8.1.2 The Moon goddess and the Jade Rabbit
The Chinese sent orbiters to the Moon in 2007 and 2010, and named them Chang’e 1 and Chang’e 2, after the Moon goddess of Chinese mythology. They then used Chang’e 3 to deliver a 140 kg robotic rover to the surface in December 2013, which they named Yutu (meaning ‘Jade Rabbit’, named after the Moon goddess’s pet). The lander was equipped with an astronomical telescope to observe distant objects in ultraviolet light (which cannot be done from Earth because of our atmosphere), and the rover had probes and cameras to study the lunar regolith. The Chang’e 3 mission can be seen as a test of the robotic exploration strategy discussed by Ian Crawford in the previous video, but it may also be a precursor to a future Chinese manned landing.
The lander and Yutu were shut down during each lunar night, which lasts nearly 15 Earth-days. Yutu awoke to find itself unable to move on the third lunar day (23 Feb), and was scarcely functioning at all on the fourth lunar day. The lander’s astronomical instruments continued to function well. If you want to follow the progress of the mission, try the links below.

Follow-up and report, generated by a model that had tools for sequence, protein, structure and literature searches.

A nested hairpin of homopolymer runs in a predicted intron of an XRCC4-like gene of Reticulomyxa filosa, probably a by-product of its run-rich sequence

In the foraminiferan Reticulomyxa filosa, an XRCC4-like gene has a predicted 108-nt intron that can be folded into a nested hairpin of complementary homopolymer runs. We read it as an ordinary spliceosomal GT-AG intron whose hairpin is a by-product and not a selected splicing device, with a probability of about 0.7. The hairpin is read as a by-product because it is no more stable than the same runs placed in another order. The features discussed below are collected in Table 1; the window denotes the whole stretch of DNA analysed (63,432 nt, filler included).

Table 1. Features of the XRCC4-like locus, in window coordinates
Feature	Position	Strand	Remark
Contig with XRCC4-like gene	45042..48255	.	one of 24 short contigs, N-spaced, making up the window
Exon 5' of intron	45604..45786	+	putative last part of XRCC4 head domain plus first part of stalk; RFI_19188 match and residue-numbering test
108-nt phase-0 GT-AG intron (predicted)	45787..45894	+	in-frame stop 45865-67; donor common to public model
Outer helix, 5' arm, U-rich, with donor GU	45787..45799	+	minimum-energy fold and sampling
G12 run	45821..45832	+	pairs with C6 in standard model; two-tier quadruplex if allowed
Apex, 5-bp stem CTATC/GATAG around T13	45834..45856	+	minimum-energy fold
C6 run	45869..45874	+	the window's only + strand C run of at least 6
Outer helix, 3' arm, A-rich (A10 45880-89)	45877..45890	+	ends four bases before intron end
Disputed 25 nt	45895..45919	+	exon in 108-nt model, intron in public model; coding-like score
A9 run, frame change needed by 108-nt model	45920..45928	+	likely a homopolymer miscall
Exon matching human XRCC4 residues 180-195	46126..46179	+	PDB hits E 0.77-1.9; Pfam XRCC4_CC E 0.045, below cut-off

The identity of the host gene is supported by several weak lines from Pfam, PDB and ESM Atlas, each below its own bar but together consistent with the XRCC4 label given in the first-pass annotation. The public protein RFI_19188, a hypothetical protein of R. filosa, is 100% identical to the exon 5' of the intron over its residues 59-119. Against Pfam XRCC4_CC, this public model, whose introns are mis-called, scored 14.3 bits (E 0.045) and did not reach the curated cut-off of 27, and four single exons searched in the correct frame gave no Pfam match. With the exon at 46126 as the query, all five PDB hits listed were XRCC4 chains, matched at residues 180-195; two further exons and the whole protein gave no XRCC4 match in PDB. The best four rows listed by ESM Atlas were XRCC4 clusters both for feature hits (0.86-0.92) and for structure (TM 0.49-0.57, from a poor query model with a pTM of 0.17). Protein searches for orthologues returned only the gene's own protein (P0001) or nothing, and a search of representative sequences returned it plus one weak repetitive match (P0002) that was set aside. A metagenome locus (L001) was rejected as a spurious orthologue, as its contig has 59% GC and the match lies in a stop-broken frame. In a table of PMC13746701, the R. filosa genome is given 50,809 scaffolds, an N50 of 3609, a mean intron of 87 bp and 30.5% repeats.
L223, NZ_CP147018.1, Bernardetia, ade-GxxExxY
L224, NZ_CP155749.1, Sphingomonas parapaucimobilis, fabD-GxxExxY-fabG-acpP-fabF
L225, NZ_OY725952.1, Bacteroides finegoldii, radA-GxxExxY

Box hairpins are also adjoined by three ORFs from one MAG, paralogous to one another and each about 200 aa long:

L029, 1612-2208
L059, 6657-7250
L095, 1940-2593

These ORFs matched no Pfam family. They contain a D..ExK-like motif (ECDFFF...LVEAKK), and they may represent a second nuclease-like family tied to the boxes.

China’s next lunar mission, the 'Chang’e 5 Test Mission' was launched in October 2014 on a return trajectory to the Moon (without landing) as an engineering test for the future Chang’e 5 sample return mission.